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Saturday, December 7th, 2019

Individuals to get bankruptcy protection soon

by July 23, 2017 General

NEW DELHI: The government has begun work on laying down a process for individuals to be declared bankrupt, which will help them deal with a financial crisis rather than be bogged down by it. The rules being framed will help a defaulter repay the money in a structured way, rather than being forced to cough it up to banks in one go.

Sources said the idea is to make the process more humane as the rules would deal with a host of individuals — from farmers and kirana shop owners to a salaried middle class person who may be struggling to repay a loan for reasons like loss of job.

“There is huge social stigma attached to this. So, you cannot be punitive. People should be allowed to restructure their lives, ” said Sumant Batra, managing partner and head of the insolvency, secured transactions & corporate law practice at law firm Kesar Dass B & Associates.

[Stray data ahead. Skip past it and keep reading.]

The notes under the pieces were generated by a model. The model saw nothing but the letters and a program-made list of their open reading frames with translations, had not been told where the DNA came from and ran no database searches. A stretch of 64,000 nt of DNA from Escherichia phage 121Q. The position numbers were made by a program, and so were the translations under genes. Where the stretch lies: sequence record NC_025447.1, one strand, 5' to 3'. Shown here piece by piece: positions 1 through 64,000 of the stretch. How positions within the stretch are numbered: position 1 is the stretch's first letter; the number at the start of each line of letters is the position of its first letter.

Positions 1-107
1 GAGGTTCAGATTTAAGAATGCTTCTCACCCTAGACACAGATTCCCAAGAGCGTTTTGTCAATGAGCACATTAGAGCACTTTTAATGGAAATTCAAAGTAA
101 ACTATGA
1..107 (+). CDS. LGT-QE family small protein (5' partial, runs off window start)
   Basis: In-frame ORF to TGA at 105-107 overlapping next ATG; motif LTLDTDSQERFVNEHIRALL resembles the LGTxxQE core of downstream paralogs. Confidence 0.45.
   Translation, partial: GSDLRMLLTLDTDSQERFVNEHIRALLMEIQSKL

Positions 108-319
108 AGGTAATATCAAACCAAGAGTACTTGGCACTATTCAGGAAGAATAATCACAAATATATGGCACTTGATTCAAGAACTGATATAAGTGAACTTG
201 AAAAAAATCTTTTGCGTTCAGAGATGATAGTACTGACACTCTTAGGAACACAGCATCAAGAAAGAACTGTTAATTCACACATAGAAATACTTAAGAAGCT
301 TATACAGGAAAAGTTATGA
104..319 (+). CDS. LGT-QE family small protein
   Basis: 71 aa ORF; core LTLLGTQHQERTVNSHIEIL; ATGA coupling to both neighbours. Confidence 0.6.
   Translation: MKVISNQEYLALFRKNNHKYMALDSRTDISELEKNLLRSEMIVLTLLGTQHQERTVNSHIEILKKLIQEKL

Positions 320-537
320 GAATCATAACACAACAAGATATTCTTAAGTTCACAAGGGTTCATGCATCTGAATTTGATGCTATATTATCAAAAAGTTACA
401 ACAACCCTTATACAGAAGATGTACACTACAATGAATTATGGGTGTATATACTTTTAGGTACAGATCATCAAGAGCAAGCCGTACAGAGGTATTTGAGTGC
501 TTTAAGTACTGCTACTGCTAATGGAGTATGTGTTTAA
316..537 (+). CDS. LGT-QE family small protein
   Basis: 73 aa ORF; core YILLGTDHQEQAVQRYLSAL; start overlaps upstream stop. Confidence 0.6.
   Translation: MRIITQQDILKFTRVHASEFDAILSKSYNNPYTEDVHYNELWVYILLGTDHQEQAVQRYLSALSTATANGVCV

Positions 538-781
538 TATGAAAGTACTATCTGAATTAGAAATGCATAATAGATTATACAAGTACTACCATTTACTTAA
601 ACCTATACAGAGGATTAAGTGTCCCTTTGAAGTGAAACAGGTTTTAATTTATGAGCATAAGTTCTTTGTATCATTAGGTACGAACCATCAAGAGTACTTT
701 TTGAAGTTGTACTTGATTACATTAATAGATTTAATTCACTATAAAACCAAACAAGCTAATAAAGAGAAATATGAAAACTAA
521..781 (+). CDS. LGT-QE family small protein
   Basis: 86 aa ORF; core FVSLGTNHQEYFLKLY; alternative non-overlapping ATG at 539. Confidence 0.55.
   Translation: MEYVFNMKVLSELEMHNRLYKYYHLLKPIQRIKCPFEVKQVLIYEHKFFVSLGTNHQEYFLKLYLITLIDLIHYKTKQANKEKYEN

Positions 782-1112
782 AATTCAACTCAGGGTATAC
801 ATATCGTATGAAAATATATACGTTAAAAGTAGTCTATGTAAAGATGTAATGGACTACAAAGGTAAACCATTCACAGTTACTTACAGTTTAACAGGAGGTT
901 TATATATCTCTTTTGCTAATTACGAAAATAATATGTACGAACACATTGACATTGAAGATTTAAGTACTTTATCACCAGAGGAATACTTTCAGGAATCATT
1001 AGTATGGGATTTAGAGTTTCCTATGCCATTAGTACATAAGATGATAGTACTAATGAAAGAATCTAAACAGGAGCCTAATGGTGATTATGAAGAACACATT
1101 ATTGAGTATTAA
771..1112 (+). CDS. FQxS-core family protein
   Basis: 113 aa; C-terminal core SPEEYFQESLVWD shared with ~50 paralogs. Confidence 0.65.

There are laws dating back over a century to deal with individual bankruptcy but they have been used only sparingly in the last several decades. The jurisdiction mostly lies with district judges.

Currently, banks approach Debt Recovery Tribunals (DRTs) under the Securitisation and Reconstruction of Financial Assets and Enforcement of Security Interest Act (Sarfaesi), which are aimed at recovering the dues.

While the Insolvency and Bankruptcy Code (IBC), enacted by Parliament last year, provides for individuals to be declared bankrupt, so far, action has been confined to the corporate sector and start-ups. The ministry of corporate affairs and the Insolvency and Bankruptcy Board of India have now begun discussions on putting in place rules to help individuals and partnership firms. Aworking group is looking at several aspects, including making counselling mandatory as is the case in Singapore.

Similarly, there is a need to make the legal system more easily accessible. “We need to ensure that there is adequate infrastructure to help people who are already stressed. Plus, issues related to state laws need to be worked out,” said a source.